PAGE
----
Japan's Maritime Self-Defense Force said Tuesday it has conducted its first joint drill with Solomon Islands maritime police, amid concerns over China's growing military clout on the South Pacific island nation following a controversial security pact between them.
The MSDF said its destroyer Kirisame engaged in a maritime security exercise on Monday in the South Pacific with the patrol boat Taro from Solomon Islands' Police Maritime. They were also joined by the U.S. Navy's littoral combat ship Oakland.
With the Solomon Islands having no military force, the Police Maritime effectively functions as such.
The drill came after concerns were raised by a deal signed in April between China and the Solomon Islands.
The pact would reportedly allow the deployment of Chinese police, military and other armed personnel and the docking of Chinese ships in the island nation, which switched diplomatic ties from self-ruled Taiwan to China in 2019.
The Solomon Islands has denied that the security pact invites China to establish a military base there.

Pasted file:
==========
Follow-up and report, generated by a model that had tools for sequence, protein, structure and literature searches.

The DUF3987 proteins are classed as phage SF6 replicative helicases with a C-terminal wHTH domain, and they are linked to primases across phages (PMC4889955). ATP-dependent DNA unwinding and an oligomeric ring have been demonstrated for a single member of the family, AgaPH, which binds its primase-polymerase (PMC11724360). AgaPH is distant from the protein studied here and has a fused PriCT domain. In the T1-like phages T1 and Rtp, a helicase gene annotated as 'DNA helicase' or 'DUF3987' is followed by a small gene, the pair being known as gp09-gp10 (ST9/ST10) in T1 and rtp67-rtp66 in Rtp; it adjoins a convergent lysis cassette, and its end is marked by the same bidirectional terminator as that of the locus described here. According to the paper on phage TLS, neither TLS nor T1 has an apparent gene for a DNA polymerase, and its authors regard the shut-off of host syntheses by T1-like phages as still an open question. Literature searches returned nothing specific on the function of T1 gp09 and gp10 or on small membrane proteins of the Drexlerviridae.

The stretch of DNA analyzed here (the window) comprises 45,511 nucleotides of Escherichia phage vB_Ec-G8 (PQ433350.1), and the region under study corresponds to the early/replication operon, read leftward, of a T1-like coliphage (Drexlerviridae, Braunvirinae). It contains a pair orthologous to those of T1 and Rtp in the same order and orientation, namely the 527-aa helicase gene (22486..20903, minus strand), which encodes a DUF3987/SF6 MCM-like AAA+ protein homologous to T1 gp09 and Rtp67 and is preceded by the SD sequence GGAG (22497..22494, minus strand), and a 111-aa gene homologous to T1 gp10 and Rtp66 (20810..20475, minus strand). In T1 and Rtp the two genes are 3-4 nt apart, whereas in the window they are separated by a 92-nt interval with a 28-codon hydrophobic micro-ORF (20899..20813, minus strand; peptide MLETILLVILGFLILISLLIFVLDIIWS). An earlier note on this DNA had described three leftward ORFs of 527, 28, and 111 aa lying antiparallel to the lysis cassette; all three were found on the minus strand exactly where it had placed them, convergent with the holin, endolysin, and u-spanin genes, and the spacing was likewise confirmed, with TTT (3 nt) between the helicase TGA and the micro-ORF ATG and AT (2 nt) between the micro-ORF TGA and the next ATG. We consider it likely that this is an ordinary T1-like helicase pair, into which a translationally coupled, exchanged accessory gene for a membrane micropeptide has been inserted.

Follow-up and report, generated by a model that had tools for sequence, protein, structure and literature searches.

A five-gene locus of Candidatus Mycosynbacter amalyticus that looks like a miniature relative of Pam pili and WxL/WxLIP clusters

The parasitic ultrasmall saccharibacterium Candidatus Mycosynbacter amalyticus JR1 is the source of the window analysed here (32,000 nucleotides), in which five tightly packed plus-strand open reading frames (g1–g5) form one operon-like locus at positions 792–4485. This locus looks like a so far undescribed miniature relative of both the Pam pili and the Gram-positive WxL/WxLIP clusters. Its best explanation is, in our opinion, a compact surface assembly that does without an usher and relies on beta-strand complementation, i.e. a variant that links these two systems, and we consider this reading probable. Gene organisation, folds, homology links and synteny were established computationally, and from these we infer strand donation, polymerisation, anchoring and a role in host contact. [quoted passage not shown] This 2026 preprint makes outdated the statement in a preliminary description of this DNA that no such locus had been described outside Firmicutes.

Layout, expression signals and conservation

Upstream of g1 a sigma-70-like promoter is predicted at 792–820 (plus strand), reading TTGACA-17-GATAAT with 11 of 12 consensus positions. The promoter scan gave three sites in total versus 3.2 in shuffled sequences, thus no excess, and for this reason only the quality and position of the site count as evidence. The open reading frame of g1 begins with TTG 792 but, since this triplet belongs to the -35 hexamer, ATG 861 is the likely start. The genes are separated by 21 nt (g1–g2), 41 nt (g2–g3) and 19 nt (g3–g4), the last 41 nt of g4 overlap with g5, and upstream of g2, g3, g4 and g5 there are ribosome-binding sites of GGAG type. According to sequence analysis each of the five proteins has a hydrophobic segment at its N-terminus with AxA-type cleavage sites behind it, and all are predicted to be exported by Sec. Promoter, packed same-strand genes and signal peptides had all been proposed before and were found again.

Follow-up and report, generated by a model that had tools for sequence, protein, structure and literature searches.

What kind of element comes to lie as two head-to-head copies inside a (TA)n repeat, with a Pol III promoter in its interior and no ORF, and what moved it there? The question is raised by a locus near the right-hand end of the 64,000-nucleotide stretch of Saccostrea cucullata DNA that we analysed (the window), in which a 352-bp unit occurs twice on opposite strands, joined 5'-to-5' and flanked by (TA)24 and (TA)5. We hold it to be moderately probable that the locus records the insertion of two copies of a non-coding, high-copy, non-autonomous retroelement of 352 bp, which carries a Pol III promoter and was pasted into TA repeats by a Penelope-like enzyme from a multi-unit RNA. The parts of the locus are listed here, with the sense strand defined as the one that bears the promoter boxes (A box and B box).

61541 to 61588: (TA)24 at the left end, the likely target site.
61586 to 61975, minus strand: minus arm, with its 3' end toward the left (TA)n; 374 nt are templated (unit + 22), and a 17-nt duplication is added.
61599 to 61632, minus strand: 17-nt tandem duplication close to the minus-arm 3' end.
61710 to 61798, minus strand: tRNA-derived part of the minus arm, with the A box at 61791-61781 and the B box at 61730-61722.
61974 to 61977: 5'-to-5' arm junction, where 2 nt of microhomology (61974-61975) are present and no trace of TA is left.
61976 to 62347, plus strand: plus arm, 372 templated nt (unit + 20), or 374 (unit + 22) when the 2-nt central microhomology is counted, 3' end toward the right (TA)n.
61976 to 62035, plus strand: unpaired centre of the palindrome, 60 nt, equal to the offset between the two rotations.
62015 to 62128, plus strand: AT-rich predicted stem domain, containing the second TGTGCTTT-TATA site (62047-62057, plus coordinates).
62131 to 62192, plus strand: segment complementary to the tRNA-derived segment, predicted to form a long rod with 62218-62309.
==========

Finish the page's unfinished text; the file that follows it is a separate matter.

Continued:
Tokyo and Washington have been stepping up efforts to push back against Beijing's assertiveness in the Indo-Pacific region and to strengthen relations with the Solomon Islands, such as by sending senior officials to the country.
Tensions across the Taiwan Strait have spiked in the wake of U.S. House of Representatives Speaker Nancy Pelosi's visit to Taiwan last week, with China launching a large-scale, live-fire military exercise around Taiwan in response to her trip which pushed through despite warnings.
Beijing sees Taiwan as a breakaway province to be reunified, by force if necessary.
Separately, the Japanese Air Self-Defense Force said Tuesday that it had carried out a joint drill with the U.S. Air Force above waters around Japan's southern island prefecture of Okinawa, near the East China Sea.
Three Japanese and two U.S. F-15 fighter jets participated in the exercise held last Thursday.